After a start with gains close to 1%, European stock markets reversed their upward trend and are now falling, showing signs that investors remain concerned about instability in the banking sector. Lisbon's main index, which rose 0.54% at opening, recorded the worst performance among its peers, dropping 1.69%.

By 1:18 pm, the pan-European Stoxx 600 was down 0.84%, the French CAC-40 was down 1.09% and the British FTSE 100 was down 0.7%. The Frankfurt square also loses almost 1%, and the Spanish square depreciates by 1.16%.

There is only one listed on the PSI index in positive territory, while Sonae and CTT stand out in losses, in a week in which both companies presented their annual accounts for the past year. BCP, the only bank listed on the PSI, is retreating 2.02% to 18.89 cents per share, accumulating losses of over 15% in the last five days.

Already the owner of Continente sinks 7.53%, a day after announcing profits of 342 million euros, 27.7% above the registered in the previous year. And CTT, which presented annual accounts after the close of the previous session, are trading down 4.86%. Correios registered a net result of 36.4 million euros in 2022 , which represents a drop of 5.2% compared to 2021.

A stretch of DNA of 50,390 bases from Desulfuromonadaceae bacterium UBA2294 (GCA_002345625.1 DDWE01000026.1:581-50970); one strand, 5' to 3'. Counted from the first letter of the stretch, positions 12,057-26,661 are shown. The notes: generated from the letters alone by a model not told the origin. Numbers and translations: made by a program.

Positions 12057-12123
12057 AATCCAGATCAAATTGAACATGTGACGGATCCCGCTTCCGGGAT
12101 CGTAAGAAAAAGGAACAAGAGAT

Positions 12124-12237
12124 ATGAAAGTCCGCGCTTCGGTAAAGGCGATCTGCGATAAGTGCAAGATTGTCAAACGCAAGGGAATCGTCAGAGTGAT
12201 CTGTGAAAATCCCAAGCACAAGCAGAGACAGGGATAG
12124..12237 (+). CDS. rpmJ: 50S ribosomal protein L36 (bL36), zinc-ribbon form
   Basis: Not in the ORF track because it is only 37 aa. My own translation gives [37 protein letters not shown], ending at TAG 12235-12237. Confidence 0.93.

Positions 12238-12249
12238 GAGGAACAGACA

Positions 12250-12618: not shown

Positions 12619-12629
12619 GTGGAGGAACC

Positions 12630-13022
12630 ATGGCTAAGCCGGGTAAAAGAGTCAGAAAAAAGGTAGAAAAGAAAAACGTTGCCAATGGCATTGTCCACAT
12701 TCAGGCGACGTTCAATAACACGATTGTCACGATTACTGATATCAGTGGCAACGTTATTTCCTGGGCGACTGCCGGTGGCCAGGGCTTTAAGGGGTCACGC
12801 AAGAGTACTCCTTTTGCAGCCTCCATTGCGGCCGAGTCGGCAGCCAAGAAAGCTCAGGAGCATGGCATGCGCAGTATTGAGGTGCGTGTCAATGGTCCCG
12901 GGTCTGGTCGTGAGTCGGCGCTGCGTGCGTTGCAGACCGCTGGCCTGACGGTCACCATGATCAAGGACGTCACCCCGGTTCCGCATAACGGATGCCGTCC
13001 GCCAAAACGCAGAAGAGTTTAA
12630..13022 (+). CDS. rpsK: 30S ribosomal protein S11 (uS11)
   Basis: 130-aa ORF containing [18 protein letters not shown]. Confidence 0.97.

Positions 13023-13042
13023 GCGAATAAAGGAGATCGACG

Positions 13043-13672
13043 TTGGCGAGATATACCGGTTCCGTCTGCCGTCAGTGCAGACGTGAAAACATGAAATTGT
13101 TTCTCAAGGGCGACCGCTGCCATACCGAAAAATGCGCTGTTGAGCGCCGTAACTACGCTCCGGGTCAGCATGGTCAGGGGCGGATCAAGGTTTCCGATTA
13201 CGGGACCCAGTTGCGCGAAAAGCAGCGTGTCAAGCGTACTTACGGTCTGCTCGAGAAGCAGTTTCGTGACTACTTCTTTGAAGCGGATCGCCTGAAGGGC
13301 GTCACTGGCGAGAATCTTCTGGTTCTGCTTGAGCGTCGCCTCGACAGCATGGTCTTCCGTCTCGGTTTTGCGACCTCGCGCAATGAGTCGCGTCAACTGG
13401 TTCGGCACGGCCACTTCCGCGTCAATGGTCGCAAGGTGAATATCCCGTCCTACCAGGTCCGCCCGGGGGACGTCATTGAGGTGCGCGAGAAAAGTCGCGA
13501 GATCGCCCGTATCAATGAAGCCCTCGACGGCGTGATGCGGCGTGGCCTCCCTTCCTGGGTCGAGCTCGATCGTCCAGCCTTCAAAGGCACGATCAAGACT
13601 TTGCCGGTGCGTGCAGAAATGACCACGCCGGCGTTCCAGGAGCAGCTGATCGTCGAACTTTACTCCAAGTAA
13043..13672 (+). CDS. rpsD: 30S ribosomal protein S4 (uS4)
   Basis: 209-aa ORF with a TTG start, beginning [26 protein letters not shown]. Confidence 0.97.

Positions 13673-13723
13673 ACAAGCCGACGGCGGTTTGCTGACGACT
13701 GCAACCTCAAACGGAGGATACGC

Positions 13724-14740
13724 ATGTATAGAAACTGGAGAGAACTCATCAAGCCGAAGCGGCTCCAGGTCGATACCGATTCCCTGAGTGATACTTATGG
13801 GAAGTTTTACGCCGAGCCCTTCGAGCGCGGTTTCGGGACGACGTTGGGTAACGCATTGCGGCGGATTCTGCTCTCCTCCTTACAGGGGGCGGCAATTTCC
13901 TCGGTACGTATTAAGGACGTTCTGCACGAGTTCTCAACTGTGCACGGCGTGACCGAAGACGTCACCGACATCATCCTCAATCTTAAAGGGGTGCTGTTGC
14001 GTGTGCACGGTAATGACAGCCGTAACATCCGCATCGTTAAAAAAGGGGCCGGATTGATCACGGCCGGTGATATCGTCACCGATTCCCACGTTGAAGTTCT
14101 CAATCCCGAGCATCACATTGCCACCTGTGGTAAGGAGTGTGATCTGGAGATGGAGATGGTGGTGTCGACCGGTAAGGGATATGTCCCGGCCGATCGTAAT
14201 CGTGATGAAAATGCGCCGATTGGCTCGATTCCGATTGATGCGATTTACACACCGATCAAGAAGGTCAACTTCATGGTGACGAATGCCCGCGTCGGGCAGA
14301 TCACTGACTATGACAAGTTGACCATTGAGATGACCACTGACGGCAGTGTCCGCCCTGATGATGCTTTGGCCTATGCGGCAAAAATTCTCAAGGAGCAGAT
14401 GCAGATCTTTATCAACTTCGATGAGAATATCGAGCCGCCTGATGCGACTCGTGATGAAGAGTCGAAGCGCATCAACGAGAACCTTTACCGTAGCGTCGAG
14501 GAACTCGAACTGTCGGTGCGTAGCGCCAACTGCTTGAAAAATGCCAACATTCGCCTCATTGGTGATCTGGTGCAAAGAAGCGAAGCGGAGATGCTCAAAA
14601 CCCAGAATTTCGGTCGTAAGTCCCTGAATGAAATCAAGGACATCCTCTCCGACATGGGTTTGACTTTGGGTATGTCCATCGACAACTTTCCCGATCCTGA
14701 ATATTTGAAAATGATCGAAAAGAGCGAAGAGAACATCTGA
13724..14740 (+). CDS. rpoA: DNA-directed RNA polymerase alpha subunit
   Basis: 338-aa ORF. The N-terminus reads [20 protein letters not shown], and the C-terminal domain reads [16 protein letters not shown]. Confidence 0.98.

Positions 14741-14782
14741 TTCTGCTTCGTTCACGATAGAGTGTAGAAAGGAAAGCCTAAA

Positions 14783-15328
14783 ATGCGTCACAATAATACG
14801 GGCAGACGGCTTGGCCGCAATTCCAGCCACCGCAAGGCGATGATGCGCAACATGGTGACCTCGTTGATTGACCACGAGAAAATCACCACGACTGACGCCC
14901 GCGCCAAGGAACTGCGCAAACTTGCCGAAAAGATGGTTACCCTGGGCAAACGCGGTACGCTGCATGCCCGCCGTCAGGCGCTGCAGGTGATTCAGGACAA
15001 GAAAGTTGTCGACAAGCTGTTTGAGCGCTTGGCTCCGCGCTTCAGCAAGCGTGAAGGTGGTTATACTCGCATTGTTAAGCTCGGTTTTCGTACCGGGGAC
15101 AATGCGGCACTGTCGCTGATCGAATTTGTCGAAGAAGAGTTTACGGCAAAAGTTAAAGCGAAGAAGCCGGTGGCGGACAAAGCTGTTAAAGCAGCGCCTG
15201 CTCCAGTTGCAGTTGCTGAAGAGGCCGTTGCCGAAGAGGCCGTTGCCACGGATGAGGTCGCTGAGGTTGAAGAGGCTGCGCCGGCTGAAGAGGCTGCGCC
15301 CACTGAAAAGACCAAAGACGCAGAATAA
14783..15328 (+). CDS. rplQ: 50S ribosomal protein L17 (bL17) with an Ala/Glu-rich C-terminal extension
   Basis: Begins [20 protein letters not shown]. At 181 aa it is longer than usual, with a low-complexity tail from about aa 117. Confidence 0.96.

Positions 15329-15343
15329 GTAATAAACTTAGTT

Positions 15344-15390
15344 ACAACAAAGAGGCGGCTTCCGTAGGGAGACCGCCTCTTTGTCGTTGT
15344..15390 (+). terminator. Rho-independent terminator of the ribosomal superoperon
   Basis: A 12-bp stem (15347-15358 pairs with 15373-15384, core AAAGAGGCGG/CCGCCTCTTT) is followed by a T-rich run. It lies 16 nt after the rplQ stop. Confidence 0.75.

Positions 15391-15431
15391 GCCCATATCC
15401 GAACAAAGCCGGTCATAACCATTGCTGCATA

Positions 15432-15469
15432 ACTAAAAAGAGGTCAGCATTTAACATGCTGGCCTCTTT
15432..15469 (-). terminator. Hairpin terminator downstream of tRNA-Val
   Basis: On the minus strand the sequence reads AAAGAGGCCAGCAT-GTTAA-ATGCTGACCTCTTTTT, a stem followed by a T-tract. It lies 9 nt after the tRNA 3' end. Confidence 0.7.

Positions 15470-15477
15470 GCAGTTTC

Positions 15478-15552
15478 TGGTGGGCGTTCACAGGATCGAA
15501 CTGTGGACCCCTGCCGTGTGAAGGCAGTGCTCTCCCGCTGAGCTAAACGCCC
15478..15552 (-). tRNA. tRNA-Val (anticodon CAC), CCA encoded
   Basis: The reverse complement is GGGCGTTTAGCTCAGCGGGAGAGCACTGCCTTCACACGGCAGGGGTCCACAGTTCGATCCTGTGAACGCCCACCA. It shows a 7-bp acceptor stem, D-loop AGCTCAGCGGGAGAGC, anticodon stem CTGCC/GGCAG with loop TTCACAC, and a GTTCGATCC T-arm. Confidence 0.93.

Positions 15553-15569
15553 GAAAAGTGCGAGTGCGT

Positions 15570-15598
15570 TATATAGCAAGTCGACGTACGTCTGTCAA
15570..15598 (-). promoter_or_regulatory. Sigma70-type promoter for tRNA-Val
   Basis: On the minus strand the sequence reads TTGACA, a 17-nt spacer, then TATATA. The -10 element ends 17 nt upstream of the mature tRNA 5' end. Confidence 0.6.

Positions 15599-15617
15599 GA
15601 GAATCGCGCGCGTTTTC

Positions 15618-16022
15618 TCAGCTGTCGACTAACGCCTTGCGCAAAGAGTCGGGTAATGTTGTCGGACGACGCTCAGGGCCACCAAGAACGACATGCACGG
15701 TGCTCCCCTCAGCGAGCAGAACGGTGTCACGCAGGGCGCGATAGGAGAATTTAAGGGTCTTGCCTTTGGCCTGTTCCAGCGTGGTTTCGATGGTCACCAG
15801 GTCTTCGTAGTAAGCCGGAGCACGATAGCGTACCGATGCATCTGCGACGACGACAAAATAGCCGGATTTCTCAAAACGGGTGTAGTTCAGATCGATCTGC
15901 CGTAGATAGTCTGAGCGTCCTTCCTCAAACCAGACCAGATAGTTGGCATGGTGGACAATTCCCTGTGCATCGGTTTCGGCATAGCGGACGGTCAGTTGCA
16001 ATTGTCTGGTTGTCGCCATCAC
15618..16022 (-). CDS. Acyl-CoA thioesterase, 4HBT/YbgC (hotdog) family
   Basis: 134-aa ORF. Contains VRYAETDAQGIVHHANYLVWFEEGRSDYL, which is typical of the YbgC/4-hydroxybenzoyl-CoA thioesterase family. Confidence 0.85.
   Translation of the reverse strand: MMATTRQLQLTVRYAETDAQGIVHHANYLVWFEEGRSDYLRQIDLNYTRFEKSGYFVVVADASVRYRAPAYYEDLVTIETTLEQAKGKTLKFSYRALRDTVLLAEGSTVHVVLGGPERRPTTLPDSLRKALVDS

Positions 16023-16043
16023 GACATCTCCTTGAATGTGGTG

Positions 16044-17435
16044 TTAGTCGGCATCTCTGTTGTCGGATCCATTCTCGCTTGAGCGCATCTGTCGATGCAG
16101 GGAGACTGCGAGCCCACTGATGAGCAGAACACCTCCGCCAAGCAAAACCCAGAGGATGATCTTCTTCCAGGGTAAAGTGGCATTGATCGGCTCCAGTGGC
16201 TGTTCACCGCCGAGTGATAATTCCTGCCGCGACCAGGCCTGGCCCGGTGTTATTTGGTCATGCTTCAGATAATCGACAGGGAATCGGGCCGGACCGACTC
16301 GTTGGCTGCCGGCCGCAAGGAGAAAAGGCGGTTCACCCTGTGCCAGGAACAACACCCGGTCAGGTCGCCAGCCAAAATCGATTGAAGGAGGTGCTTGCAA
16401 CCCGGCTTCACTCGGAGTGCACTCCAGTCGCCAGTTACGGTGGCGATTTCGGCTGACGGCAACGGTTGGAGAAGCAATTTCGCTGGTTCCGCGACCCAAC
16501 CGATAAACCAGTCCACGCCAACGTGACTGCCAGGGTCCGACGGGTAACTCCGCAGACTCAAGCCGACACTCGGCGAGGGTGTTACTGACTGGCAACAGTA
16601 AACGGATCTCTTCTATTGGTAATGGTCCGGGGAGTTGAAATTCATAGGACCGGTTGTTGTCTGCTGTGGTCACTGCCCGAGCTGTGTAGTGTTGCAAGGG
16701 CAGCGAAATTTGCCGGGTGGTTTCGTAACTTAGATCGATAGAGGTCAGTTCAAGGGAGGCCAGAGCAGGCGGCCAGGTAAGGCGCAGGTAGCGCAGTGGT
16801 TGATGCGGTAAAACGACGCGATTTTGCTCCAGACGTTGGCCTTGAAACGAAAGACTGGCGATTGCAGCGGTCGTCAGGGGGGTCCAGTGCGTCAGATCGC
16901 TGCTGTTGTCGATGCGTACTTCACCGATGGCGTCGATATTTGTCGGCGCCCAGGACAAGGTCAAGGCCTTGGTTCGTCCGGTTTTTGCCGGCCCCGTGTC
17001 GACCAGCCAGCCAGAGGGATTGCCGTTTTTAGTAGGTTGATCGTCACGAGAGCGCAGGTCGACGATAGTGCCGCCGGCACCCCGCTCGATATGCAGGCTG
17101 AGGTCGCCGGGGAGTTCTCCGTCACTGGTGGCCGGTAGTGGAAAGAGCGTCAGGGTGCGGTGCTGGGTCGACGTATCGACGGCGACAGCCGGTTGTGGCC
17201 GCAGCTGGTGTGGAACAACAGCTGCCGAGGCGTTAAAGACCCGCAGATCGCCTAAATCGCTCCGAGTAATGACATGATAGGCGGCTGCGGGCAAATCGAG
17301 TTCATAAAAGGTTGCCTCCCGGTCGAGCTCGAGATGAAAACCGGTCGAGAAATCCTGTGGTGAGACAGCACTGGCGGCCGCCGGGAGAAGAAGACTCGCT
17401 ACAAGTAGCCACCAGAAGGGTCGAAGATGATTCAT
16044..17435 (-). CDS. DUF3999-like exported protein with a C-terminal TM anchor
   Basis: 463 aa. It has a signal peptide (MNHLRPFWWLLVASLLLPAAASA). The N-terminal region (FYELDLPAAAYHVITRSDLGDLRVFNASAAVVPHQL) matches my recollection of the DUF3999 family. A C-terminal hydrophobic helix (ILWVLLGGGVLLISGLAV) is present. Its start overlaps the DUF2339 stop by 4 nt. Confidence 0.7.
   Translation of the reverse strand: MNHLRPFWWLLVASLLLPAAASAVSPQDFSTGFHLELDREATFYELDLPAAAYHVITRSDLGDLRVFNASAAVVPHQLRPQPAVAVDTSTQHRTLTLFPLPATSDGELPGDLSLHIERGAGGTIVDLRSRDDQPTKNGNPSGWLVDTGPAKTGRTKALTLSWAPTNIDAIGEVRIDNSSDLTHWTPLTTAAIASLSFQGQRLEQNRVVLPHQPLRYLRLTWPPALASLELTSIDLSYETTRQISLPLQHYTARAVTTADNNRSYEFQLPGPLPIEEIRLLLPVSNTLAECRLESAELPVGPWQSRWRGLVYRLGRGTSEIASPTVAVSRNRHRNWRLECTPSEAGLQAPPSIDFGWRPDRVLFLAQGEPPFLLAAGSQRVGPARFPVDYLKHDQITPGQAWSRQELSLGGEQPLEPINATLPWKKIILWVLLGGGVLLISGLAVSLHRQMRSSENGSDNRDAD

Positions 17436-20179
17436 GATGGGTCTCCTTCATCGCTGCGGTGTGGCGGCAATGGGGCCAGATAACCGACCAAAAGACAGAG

In international banking, Credit Suisse shares are falling by almost 12%, to 1.79 francs, after, on Wednesday, having experienced its most difficult day on the stock exchange, losing a quarter of its value. The bank had entered this Friday's session rising more than 1%.

The last few days have investors worried about the possibility of a global financial crisis. The trigger was the failure of Silicon Valley Bank last Friday, followed by the collapse of Signature on Sunday. The turbulence gained expression and was supported by financial markets in Europe, particularly in the banking sector.

Despite this, the European Central Bank (ECB) decided to raise interest rates again by 50 basis points on Thursday. The institution led by Christine Lagarde sought to reassure investors and bank customers, assuring that “the banking sector in the euro area is resilient, with strong capital and liquidity positions”. But, for now, investors seem to fear a repeat of 2008.